Sermon for Sunday 17 July 2022
“Mary has chosen the better part, which will not be taken away from her.”
What is a non-place? It’s a curious word isn’t it. It was invented by the French anthropologist Marc Augé. He uses it to describe a specific sort of location – something has come to exist in our post-modern world.
A non-place is a spot where human beings come and go. But we do it so transiently that we remain completely anonymous – as if no one notices us.
A non-place is a location where humans collide with each other in huge numbers, yet where no true connections, and no lasting relationships are made.
A non-place is a crossroads where everything we physically need in terms of food, drink, shelter is all there, yet what we really need as humans – friendship, love, respect, identity, culture – all that is wiped out.
The classic non-places Augé points to are airports, railways stations, shopping malls, hotel rooms, motorway service stations, supermarkets. They give us the physical things we need in life, but too much time spent in those places can leave you bewildered, alienated, lonely, and feeling uprooted.
I wonder whether some of those ideas that Augé has come up with might be a useful lens through which to look at our gospel reading this morning.
The story we’ve just heard seems very simple on the surface. Martha is the busy fuss-pot who allows the nuts and bolts of life’s practicalities to take over. They prevent her from listening to Jesus. Mary, by contrast recognises that listening to her guest is more important. Jesus teaches us that it is Mary who choses the better way.
What if this story is not just about how we should act as individuals, but also about the sorts of community we should be trying to create? What if Martha and Mary also represent two sorts of community? What if this story tells us something about what sort of parish community we should aim to be?
What I mean is this. What if Martha represents the sort of thing that Marc Augé was going on about when he talks of non-places?
Martha is rightly concerned with making sure the externals of everything that Jesus needs are catered for: food drink, accommodation. Yet she overlooks that something more is needed for true human flourishing. She’s like the motorway service station or the airport that gives you a square meal, but which leaves you feeling pretty bewildered and lost and exhausted. She’s like the hotel or the B&B that gives you a comfy bed, but which can never be a home or a place where you put down roots.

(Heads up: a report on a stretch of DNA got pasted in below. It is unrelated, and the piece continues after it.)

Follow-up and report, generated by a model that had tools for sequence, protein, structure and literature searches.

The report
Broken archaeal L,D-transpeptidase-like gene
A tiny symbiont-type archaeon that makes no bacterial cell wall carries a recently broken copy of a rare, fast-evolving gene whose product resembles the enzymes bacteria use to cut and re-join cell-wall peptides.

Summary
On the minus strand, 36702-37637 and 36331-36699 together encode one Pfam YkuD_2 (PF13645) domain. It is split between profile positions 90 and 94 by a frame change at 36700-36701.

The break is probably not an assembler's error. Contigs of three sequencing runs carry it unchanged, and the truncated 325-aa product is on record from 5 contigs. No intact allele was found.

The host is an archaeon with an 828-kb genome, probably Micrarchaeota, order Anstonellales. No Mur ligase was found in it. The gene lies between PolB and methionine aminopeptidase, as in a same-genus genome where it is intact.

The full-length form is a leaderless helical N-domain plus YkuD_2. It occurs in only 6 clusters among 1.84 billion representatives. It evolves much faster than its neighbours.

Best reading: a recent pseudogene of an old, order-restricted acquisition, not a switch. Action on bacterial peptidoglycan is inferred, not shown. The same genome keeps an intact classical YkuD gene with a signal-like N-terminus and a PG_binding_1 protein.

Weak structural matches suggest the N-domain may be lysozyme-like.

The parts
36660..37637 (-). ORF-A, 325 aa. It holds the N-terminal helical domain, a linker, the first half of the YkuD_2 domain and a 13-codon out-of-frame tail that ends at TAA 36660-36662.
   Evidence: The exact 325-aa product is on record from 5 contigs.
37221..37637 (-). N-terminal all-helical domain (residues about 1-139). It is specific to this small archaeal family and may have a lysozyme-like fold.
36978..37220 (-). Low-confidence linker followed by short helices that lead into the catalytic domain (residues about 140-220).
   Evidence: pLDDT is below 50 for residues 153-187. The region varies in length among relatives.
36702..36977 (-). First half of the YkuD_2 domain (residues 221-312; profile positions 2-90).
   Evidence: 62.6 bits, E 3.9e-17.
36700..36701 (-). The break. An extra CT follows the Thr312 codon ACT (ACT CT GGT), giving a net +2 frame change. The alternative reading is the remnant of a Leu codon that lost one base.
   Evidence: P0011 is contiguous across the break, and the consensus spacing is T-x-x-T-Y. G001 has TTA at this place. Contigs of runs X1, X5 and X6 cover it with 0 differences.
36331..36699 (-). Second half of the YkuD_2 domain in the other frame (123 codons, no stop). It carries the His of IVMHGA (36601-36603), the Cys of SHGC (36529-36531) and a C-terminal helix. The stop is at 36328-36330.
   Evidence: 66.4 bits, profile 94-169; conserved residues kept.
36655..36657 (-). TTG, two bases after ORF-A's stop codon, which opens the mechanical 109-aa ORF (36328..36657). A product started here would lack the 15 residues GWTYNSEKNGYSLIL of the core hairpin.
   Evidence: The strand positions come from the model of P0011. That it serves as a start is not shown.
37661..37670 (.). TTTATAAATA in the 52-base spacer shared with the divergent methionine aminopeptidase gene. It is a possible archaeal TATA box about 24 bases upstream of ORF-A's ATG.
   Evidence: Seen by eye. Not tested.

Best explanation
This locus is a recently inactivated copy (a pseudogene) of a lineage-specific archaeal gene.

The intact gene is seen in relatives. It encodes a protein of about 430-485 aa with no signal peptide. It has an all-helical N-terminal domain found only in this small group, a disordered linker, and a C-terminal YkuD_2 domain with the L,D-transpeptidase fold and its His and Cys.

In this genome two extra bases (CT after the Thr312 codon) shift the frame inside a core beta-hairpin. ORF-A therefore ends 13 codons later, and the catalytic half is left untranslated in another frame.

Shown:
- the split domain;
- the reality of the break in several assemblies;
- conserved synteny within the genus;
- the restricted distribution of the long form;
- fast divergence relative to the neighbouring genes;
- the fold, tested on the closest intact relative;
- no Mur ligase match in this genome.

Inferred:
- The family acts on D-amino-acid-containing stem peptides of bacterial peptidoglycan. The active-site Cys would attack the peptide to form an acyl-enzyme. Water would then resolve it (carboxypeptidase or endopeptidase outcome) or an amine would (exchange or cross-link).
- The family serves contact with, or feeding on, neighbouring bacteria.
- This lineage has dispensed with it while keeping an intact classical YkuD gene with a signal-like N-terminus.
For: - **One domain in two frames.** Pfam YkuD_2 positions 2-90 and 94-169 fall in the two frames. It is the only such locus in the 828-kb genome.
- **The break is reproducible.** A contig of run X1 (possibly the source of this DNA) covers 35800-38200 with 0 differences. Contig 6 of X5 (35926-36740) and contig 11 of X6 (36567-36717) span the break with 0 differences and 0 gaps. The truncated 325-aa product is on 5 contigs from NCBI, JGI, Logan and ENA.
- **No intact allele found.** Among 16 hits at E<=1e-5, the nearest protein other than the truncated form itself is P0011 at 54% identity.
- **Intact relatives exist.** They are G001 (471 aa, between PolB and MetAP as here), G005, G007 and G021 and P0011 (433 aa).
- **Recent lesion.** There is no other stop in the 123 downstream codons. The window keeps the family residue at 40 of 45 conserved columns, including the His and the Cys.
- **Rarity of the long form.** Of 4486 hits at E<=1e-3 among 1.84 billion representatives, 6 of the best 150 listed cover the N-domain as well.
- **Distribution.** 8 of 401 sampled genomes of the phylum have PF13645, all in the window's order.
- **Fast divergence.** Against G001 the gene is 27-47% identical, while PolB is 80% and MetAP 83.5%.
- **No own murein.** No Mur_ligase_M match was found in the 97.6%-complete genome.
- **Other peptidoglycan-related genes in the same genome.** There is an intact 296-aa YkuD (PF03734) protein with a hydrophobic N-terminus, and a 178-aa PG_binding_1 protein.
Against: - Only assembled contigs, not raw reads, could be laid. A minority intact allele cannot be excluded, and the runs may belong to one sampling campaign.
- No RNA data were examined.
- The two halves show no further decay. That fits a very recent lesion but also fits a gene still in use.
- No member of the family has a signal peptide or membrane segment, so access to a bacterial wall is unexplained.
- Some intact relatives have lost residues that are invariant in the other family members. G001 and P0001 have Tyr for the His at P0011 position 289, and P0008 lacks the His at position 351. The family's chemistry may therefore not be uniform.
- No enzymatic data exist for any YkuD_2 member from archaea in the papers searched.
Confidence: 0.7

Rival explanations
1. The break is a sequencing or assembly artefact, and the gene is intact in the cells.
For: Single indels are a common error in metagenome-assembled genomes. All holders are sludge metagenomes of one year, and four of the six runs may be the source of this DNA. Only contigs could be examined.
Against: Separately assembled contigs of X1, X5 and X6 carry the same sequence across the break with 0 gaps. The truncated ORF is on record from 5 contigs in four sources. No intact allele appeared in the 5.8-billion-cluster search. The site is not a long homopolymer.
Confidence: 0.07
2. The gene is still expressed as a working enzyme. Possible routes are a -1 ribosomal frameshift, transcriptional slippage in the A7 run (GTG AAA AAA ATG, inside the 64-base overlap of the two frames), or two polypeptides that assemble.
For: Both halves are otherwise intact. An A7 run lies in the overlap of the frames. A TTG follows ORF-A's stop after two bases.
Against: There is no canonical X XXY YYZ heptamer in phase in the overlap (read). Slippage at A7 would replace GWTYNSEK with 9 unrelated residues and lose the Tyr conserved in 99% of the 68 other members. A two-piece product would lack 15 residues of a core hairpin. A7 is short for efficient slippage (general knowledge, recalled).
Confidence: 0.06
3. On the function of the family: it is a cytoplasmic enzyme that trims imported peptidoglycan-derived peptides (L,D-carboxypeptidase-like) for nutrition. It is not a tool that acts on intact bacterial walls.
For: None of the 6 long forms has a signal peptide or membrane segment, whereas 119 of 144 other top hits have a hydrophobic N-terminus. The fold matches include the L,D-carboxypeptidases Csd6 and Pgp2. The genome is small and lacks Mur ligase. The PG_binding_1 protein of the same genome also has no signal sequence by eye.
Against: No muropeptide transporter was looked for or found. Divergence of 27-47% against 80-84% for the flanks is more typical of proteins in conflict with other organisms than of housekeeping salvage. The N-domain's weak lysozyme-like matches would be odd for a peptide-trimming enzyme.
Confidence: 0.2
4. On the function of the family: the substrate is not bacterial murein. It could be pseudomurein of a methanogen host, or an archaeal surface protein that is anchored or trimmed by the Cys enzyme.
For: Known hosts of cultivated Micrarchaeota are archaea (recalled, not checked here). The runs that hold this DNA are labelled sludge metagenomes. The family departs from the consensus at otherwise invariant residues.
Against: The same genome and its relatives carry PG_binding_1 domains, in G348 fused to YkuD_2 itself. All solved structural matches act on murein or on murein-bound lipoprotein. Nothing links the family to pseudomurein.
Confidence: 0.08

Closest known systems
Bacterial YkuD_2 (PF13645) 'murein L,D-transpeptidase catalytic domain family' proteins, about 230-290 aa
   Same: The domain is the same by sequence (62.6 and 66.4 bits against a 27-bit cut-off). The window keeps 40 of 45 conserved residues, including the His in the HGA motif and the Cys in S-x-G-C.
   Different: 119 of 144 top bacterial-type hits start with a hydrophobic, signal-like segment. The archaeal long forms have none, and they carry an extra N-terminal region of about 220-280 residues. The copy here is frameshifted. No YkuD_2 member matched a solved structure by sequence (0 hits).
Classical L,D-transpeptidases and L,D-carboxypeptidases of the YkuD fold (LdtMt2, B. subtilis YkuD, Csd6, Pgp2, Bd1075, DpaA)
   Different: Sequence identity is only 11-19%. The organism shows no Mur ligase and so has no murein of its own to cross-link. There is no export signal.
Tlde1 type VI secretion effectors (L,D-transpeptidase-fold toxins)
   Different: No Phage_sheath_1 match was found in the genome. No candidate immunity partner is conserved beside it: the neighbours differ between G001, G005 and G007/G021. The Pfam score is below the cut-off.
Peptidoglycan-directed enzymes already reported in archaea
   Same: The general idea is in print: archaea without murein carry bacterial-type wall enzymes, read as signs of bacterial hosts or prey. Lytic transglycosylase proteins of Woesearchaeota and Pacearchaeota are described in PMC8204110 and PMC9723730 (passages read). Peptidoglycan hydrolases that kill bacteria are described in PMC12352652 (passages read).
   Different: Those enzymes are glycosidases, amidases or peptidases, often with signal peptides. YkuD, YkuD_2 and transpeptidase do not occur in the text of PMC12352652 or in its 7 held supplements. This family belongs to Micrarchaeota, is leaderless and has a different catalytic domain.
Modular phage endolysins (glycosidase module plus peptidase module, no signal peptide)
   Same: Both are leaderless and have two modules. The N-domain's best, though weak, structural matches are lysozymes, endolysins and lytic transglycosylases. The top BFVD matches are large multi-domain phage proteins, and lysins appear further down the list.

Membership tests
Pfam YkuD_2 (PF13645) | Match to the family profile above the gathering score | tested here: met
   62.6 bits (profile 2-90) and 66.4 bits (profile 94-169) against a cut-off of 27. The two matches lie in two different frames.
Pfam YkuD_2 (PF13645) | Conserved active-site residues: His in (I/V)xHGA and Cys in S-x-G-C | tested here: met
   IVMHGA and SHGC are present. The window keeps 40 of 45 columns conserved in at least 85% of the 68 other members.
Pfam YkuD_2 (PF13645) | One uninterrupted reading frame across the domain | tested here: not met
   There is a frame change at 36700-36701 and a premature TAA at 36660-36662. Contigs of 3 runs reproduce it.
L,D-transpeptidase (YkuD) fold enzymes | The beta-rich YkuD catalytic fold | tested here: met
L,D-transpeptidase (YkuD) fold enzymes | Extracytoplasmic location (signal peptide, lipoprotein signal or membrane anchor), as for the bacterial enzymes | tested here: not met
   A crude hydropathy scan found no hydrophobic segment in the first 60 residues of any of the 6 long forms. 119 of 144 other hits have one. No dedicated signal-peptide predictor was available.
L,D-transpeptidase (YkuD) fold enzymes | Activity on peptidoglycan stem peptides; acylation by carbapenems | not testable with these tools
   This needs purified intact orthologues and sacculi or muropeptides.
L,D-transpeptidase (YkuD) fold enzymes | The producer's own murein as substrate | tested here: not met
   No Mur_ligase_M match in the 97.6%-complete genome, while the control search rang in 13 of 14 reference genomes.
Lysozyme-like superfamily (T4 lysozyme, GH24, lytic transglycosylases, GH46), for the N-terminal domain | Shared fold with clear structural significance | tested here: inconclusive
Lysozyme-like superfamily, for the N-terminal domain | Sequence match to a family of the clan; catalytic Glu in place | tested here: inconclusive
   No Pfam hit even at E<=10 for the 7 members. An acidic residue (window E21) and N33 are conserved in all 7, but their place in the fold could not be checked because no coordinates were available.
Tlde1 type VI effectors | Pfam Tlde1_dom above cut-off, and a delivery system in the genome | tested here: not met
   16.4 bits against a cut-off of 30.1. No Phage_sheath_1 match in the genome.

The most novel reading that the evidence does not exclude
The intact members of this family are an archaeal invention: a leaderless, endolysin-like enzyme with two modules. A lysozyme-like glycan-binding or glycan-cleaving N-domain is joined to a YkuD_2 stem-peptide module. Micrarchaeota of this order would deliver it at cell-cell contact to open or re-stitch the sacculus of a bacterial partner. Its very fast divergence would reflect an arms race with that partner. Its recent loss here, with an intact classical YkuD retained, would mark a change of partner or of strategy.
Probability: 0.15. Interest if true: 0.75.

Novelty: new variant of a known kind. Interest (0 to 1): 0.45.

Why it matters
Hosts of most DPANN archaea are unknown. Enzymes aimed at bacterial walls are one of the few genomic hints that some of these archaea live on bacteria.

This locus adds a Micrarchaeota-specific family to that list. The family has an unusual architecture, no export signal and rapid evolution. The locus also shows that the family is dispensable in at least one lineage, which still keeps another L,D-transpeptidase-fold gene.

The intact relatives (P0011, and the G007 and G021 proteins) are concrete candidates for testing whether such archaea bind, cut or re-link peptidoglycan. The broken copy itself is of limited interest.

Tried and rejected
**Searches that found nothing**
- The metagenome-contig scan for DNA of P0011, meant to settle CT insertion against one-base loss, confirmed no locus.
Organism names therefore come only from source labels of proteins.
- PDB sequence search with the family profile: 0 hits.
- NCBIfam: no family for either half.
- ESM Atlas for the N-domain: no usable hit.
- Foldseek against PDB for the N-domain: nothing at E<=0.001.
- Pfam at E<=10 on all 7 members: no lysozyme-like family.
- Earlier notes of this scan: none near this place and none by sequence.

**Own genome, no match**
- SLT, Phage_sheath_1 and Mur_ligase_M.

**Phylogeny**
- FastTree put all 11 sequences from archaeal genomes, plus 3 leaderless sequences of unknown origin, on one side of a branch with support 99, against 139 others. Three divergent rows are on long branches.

But what is the opposite of what Martha represents? Humans need places where they can grow in their true identity, where real encounter and community can thrive. I think that might be more what Mary represents, because she quite simply wants to remain close to Christ.
For our parish to be a place of true community, it needs to be a place that stays close to Christ. For it is in him that our identity is to be found. If we root ourselves in his love, we will find the energy and the inspiration that make true human flourishing possible.
For it is the Gospel of Jesus Christ that teaches us that all humans are of infinite worth; that there is more to human existence than a mortgage and a large car; that in the life of Jesus Christ, God shows us we are loved beyond our wildest dreams. And it’s through being close to Christ that we are then prompted to do the kinds of things that show God’s love in the world.
For the crucial thing about human flourishing is to be near and be with the one for whom we were made. That’s the thing that distinguishes a Christian Community from any of the secular groups, parties and fellowships that make up the society in which we live.
We seek not to represent an opinion, or promote an idea, or undertake a particular activity, but rather, we seek nothing less than to be drawn ever closer to the one in whom all meaning, and all love, and all life exists.
So let’s try to follow the example of Mary in remaining close to Jesus. For it is only in Christ and in him alone that we can build the sort of parish community where genuine human flourishing is possible – a community where all are valued and cherished; where deep, loving relationships are nourished; where the living God is worshipped; and where the hope of eternal life with him is lived out each and every day.
Fr Peter Anthony